Prior to describing the operation of the hinge connection 16 when the bus 10 enters a turn, it will be noted that the air control system of FIG. 8 includes an electric circuit which receives power from a battery 174. The battery 174 is connected in series with the coil 176 of the solenoid valve 168 and a normally open switch 178. The switch 178 is mounted on the shaft member 36 and when closed, it serves to energize the coil 176 whereupon the airline 180 leading to the air-springs 38-44 is closed so as to interrupt the supply of pressurized air from the source 164 to the air-springs 38-44. The switch 178 is designed so that it will be closed by the slider assembly 64 whenever the angularity between the front and rear sections 12 and 14 at the hinge connection 16 exceeds +2 or -2 degrees from the longitudinal alignment of the front and rear sections 12 and 14.

As the front section 12 of the articulated bus 10, seen in FIG. 2 moves straight ahead--and assuming the front wheels 22 and 24 are turned gradually in a clockwise direction--the bus 10 will start to turn to the right. During the initial part of the turn and as soon as the front and rear sections are angled 2 degrees from the straight-ahead aligned position, the slider member 64 will close the switch 178 as explained above and thereby interrupt air supply to both pairs of air-springs 38,42; 40,44. As the bus 10 continues to move in the turn--with the wheels 22 and 24 turned to the positions shown in FIG. 10--the front and rear sections will be angled or deflected relative to each other an amount shown in FIGS. 10 and 11 and indicated by the angle θ. Also, as the front and rear sections move from the straight-ahead aligned position of FIGS. 2 and 3 to the angled position of FIGS. 10 and 11, the link members 54,56,58, and 60 cause the two slider assemblies 62 and 64 to move along the shaft member 36 and assume the positions shown in FIG. 11. As a result, the shaft member 36 is positioned so that its longitudinal center axis bisects the angle θ, and the pins 80 and 100 of the hinge members 32 and 34, respectively, are properly positioned relative to each other for the turn. At the same time, the air-springs 38 and 40 are expanded and the air-springs 42 and 44 are compressed. This then causes the air-springs 38-44 to apply a "straightening" torque about the pins 80 and 100 that tends to align the front and rear sections of the bus 10. This straightening torque serves to reduce the side force F (FIG. 10) on the tires of the center axle 20 caused by the traction being applied to the tires of the rear axle 26. On a high-friction road surface the straightening torque is not required for the bus 10 to satisfactorily negotiate turns. However, on a low-friction road surface, the straightening torque serves an important function in that it helps maintain hinge-angle stability as the bus 10 moves in a turn and traction is applied to the tires of the rear axle 26.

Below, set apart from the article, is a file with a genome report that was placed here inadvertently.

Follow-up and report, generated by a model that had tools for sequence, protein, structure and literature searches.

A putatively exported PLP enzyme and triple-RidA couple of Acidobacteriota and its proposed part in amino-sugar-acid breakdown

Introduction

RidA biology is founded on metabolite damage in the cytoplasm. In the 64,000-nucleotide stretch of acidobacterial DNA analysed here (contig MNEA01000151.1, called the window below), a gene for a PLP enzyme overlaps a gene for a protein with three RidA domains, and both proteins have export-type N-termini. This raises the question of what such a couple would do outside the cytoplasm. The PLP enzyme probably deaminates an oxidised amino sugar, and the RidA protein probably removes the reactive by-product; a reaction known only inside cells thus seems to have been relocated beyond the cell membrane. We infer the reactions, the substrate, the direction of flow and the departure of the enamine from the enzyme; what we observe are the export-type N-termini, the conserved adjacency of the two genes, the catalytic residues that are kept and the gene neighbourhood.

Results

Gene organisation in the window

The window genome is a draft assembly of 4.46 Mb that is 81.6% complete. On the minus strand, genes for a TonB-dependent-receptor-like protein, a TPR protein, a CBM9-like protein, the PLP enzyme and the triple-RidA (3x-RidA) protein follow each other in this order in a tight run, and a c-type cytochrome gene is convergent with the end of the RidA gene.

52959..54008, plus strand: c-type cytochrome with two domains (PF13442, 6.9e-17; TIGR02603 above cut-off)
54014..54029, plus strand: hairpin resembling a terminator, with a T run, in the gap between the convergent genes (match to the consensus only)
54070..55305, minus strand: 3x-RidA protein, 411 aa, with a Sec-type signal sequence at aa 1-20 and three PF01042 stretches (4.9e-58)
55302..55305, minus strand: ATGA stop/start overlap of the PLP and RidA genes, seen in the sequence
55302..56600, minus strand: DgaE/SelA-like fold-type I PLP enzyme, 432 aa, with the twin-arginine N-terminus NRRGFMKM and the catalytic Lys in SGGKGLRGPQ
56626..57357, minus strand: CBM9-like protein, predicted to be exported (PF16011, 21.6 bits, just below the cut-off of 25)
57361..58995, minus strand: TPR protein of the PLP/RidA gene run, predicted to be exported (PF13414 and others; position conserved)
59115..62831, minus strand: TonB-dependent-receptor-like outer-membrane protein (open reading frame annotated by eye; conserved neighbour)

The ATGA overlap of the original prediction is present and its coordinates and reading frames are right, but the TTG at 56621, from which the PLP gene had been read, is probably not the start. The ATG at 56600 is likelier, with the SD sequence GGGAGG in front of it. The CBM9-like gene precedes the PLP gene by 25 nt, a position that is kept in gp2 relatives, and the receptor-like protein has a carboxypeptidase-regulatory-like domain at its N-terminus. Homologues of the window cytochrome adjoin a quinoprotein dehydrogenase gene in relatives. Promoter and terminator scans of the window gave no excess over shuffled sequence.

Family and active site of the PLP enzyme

As should be apparent to those skilled in the art to which this invention pertains, the hinge connection 16 does not necessarily have to use air-springs to operate as described above. Coil springs or other suitable spring means can be substituted for the air-springs. It should be noted, however, that the springs used should have a spring rate which will permit angular displacement of the two sections 12 and 14 without sideslip of the center axle tires when the articulated bus is negotiating a turn on a low-friction road surface; and also serve to reduce the tire side force on the center axle when the bus is in such turn and tractive force is applied to the drive axle tires. Therefore, the choice of the spring rate provided by the springs will depend upon the selection of a satisfactory compromise between the limits of maneuverability and acceleration of the bus on slippery surfaces. Also, although not shown, it will be understood that the top portion of the hoop which supports the bellows 17 will incorporate a control linkage to ensure that the upper part of the hoop will stay at equal distances from the front and rear sections 12 and 14, regardless of their relative pitch oscillations.